Sustainable Development Goals in Mongolia: Consultative meeting
Opening Remarks by Beate Trankmann,
UN Resident Coordinator and UNDP Resident Representative in Mongolia
Excellencies, Prime Minister Khurelsukh, Ministers and Members of the Cabinet of Mongolia,
Honorable Members of Parliament,
Distinguished Ambassadors and Heads of International Agencies:
I am delighted to be a part of this important event.
Today’s high-level meeting on Mongolia’s progress with the 2030 Sustainable Development Goals is a powerful re-affirmation of Mongolia’s commitment to them – namely, ending poverty, reducing inequality and protecting the planet.
Mongolia has made good initial progress towards the SDGs. It was an early adopter by creating its own Sustainable Development Vision for 2030 that brings the goals into national context. It has also succeeded in boosting economic recovery, with growth rebounding and fiscal deficits narrowing. This helps create the enabling environment needed to support the SDGs in future.
But, after years of recession, progress in other areas remains fragile. In particular, rising poverty – jumping by 40 percent between 2014 & 16 – along with widening inequalities, unemployment and environmental concerns, such as climate change and pollution, could undermine Mongolia’s ability to achieve the SDGs.
As such, it is clear that investments into the economy must be met by investments into society and the environment, to protect development gains and ensure Mongolia’s progress leaves no one behind, while sustaining future generations. These are also core principles of the SDGs.
In light of this, the purpose of the joint review by the United Nations and Asian Development Bank is to advise the Government on opportunities to ramp-up progress on the social and environmental aspects of the SDGs, while sticking to Mongolia’s tight budget framework.
Our review found that new approaches are needed if Mongolia is to achieve the SDGs and SDV. The top three priorities are:
· Firstly, coherent policy-making and strong institutional coordination across sectors and administrative layers anchored at the highest level of decision making;
· Secondly, making sure annual budgets support the SDGs and SDV priorities;
· And thirdly, setting up monitoring and evaluation systems to assess and report on progress.
The budget is the most important expression of the government’s policy priorities – yet the SDGs are not as yet fully translated into short and medium term financial plans. Mongolia’s main challenge is not in setting goals and programmes, but in coordinating, funding and monitoring them.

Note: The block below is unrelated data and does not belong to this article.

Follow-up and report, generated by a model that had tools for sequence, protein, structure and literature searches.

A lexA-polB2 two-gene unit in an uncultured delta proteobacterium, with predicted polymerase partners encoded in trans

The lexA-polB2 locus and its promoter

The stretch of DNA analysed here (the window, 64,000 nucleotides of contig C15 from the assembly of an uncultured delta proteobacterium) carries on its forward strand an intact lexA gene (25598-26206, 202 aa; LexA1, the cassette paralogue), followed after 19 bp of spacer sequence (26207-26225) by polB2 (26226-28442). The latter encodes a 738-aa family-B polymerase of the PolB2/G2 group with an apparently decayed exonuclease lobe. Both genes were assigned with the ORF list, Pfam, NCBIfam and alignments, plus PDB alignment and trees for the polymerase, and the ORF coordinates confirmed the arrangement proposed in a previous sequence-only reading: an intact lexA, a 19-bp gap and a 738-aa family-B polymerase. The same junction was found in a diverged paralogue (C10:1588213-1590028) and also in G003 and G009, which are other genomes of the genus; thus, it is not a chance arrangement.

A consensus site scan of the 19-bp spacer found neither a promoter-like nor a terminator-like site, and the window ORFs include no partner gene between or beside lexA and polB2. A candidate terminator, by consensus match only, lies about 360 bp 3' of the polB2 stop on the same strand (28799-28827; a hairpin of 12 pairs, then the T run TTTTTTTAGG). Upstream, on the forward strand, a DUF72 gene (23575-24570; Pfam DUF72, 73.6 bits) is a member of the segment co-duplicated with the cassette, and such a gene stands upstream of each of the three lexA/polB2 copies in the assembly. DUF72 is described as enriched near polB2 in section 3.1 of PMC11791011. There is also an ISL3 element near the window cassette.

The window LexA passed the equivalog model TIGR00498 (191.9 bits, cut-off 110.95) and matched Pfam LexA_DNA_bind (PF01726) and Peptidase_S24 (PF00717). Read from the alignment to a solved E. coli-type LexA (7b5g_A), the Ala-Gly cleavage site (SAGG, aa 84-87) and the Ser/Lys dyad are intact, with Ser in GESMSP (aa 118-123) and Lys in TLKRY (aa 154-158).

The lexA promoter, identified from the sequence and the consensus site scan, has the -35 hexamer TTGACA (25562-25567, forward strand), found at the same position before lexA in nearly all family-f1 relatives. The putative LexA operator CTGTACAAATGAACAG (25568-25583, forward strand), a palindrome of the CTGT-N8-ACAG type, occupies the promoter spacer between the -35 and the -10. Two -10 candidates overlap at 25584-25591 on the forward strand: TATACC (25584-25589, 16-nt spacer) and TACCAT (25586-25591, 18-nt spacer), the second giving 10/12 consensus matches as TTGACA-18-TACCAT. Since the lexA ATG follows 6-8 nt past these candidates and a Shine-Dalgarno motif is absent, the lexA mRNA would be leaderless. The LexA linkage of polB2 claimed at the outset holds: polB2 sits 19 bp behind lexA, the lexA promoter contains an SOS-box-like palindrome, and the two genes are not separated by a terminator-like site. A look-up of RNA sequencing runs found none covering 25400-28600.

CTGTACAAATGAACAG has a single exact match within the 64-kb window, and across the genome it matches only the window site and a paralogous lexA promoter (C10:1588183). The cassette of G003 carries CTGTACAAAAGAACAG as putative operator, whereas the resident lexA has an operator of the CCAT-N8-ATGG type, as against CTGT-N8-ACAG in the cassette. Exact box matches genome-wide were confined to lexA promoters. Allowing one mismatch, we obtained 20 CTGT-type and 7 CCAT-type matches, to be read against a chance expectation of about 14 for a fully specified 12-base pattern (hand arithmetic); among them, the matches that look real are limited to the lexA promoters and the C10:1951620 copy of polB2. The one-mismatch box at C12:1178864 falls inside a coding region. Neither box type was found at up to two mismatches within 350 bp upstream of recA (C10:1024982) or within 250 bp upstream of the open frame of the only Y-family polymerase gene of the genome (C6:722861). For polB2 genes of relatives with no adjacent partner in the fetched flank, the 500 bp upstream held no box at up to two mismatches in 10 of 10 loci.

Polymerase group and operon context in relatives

The UN stands ready to support Mongolia’s commitments to making the SDV and the SDGs a reality. Already, we are focusing on three main areas, namely:
· 1) Developing the tools for plans and budgets that support the SDGs;
· 2) Building strong, stable institutional systems and the evidence base for coordinated SDG-led policies and;
· 3) Establishing enhanced monitoring and evaluation systems, including SDG dashboards.
Together with the ADB, we are also now testing an exciting new pilot for next year’s budget with the Ministry of Finance and Ministry of Health, to develop SDG criteria that will guide funding in the health sector.
I would like to thank Prime Minister HE Khurelsukh for his initiative in getting us all together today and providing us with an opportunity to engage in these important discussions. I would also like to thank ADB and Yolanda Fernandez Lommen for the partnership with the UN.
(Another iteration of this partnership is the Development Finance Assessment in your handouts that explores public and private financing opportunities to fund the SDGs and which contains many of the same recommendations as the Mainstreaming & Acceleration Review.)
The SDGs are the most ambitious goals humanity has ever set. But if we meet them, imagine the future our children and grandchildren will see: a prosperous, just society, with green pastures under a blue sky that really is eternal and clear, even in winter.
Our dreams for tomorrow depend on our efforts today, and every step we take in between. We must put clear and cohesive plans, supportive budgets and accurate monitoring for the SDGs into action now, to achieve inclusive, sustainable development by 2030.
Or to put it in the words of Chinggis Khan: “there is no good in anything until it is finished!”
Thank you very much. And, I look forward to a fruitful exchange, and to continuing the excellent partnership we have.